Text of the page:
A Look in the Rearview Mirror

A Look in the Rearview Mirror

It’s been a roller coaster of a year for real estate. Just as we were getting used to the substantial increases in home prices due to the pandemic frenzy, inflation and interest rates came in to shut down the party. But let’s not forget, what we experienced during the pandemic was far from normal market activity.
Fueled by record-low interest rates and an increased need to work or school from home, the buying activity we saw over the pandemic was aggressive. ‘Unprecedented’ became the norm as prices skyrocketed, active listings were few and far between, and it was quite literally a battle amongst buyers to lock in their new home. When the dust settled, the market had jumped way ahead of where it normally would be based on historical appreciation.
While the overarching narrative of the 2022 housing market has been a slowdown. the Chair of the Denver Metro Association of Realtors Market Trends Committee, Libby Levinson-Katz, says that “If one was to remove 2020 and 2021, the Denver Metro market trajectory is on pace with where it was predicted to be, had COVID-19 not happened.” But that doesn’t mean Covid never happened, and some of the after-effects are still looming on the real estate market. 

One major factor that’s influencing the number of active listings is the number of homeowners who have no interest in selling. They locked in an interest rate over the past two years that was less than half of what we’re seeing now, so the thought of buying at these current mortgage rates is causing them to stay put. At the same time, the dramatic increase in equity over the pandemic is allowing sellers some flexibility. Many can now sell their homes for an excellent return, but they also have enough of a financial cushion that they can offer to buy down the buyer's mortgage rate, or pay for closing costs.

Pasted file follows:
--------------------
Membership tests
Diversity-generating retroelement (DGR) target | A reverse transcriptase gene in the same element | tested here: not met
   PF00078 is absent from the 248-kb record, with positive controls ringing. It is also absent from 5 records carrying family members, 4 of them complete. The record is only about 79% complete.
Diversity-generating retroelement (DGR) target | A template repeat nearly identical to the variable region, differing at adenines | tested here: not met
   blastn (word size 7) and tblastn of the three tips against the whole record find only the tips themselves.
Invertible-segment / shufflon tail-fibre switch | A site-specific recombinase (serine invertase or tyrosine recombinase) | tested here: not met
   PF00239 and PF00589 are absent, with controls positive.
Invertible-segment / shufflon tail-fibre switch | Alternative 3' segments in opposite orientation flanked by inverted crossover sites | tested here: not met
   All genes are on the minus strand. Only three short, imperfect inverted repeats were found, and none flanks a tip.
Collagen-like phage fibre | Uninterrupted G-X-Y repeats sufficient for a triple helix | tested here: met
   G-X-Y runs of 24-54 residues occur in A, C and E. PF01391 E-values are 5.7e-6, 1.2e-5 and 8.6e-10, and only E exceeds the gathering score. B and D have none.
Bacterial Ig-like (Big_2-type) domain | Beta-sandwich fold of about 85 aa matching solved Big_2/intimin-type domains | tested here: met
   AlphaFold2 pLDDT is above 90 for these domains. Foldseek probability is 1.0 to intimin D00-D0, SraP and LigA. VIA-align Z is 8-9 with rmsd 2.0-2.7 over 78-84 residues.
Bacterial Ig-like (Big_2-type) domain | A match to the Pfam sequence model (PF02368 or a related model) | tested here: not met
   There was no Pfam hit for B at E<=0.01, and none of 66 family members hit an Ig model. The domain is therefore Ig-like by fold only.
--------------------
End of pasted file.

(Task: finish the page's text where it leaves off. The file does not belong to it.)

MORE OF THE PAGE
While demand still outweighs supply, the dynamic has clearly shifted, and sellers really do have to put their best foot forward to close at or over the asking price. Also, there are many sellers out there who are still pricing their homes based on the increased market activity over the past two years, and that's causing homes to sit on the market longer as well as an increased amount of price reductions. In the Denver Metro, the percentage of closed-to-list prices dropped below 100% for the first time since the pandemic, and the median days on the market is now 18, both clear signs of this shift. 

These changes have forced buyers and sellers to adapt. Our partners at 8z Mortgage are facilitating more mortgage rate buydowns, as well as other creative products like Home Equity Conversion Mortgages. Sellers are offering concessions, and other tactics like paying closing costs, to make their homes more affordable and attractive to buyers. And on the other side of the coin, buyers have a lot more breathing room. They can be more patient now with increased inventory, and more room to negotiate. With so much change, you shouldn’t try to time the market. If you’re ready to make a move, give me a call or shoot me an email, and we can figure out a game plan that works best for you.

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